GREAT job...During my flight training in the US Air Force in 1957 I 'dead sticked' a T-bird...went on to fly B-47's and F-86H's in MassANG, and owned a Cessna 182..flew for over 55 years... THANKS for sharing your GREAT flying experience! Joel

  21. 30341573
    30341573 Feb 04, 2013

    . Why not form the runway? As a former Department of Defense fire official with extensive aircraft firefighting experience I offer the following explanations; During the late 1970s the US Navy conducted an intensive series of tests to determine if foaming had a beneficial effect for exactly this type of incident (wheels up belly in) firefighting foam (AFFF) did not prevent the ignition of any fuel caused by fuselage sparks in contact with either concrete or asphalt runways. In addition the amount of foam necessary to cover an adequate amount of runway left most fire trucks or even specialized foamer trucks empty with the necessity of servicing needed prior to the aircraft attempting to Land (refilling the fire trucks tanks with water and foam). This necessity often delayed landing attempts with usually negative results. Better to save the firefighting agents for a probable fire upon the aircraft landing or controlled crash which these types of incidents are best labeled rather than a “emergency” landing. . Why not form the runway? As a former Department of Defense fire official with extensive aircraft firefighting experience I offer the following explanations; During the late 1970s the US Navy conducted an intensive series of tests to determine if foaming had a beneficial effect for exactly this type of incident (wheels up belly in) firefighting foam (AFFF) did not prevent the ignition of any fuel caused by fuselage sparks in contact with either concrete or asphalt runways. In addition the amount of foam necessary to cover an adequate amount of runway left most fire trucks or even specialized foamer trucks empty with the necessity of servicing needed prior to the aircraft attempting to Land (refilling the fire trucks tanks with water and foam). This necessity often delayed landing attempts with usually negative results. Better to save the firefighting agents for a probable fire upon the aircraft landing or controlled crash which these types of incidents are best labeled rather than a “emergency” landing.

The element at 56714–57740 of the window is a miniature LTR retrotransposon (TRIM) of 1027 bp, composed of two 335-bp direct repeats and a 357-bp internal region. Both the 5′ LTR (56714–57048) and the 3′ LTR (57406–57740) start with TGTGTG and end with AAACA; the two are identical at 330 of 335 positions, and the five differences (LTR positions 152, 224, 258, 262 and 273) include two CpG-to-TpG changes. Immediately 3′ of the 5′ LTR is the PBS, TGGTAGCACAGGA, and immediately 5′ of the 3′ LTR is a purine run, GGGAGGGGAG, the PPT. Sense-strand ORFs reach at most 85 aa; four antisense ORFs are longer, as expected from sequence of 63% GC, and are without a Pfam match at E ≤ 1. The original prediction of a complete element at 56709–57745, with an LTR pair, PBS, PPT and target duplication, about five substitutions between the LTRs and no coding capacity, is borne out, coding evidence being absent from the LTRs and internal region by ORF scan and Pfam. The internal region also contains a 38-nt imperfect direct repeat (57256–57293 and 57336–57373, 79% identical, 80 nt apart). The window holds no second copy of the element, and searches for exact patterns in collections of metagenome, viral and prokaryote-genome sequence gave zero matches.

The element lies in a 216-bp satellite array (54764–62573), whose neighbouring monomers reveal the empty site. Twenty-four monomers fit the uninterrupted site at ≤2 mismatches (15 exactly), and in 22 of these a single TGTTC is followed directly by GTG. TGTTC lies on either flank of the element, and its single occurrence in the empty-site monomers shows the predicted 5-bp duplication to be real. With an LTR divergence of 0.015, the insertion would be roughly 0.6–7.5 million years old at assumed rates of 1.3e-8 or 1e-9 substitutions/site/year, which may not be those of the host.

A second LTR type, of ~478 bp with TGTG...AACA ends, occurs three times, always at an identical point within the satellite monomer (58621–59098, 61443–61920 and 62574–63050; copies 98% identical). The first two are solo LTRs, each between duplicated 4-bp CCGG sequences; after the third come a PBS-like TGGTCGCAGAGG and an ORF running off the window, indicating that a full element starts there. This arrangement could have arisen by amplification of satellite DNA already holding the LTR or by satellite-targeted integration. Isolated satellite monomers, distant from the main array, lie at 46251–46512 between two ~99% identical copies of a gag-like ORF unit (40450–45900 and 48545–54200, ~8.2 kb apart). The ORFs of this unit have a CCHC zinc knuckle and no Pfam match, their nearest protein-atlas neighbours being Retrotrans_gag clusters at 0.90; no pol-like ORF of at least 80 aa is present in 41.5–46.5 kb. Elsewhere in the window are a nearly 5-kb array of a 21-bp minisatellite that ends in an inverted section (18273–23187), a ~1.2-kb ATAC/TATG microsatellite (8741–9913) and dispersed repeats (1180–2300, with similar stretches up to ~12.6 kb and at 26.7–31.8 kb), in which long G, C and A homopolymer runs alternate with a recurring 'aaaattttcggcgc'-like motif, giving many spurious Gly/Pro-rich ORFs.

22. 30341573
    30341573 Feb 04, 2013

    . Why not form the runway? As a former Department of Defense fire official with extensive aircraft firefighting experience I offer the following explanations; During the late 1970s the US Navy conducted an intensive series of tests to determine if foaming had a beneficial effect for exactly this type of incident (wheels up belly in) firefighting foam (AFFF) did not prevent the ignition of any fuel caused by fuselage sparks in contact with either concrete or asphalt runways. In addition the amount of foam necessary to cover an adequate amount of runway left most fire trucks or even specialized foamer trucks empty with the necessity of servicing needed prior to the aircraft attempting to Land (refilling the fire trucks tanks with water and foam). This necessity often delayed landing attempts with usually negative results. Better to save the firefighting agents for a probable fire upon the aircraft landing or controlled crash which these types of incidents are best labeled rather than a “emergency” landing.

  23. 30341573
    30341573 Feb 04, 2013

    My comments concerning "why not foam the runway" I apoligize for my rookie attempt at posting comments i did not intend to post twice nort repat twice in the same comment section. I have never commented before and did a sloppy job, Hopefully I'll get better. However i do hope my comments helped those who did not understand why noone foamed the runway, quite franlkly its a waste of fireighting agents wih no benefial effects on the outcome.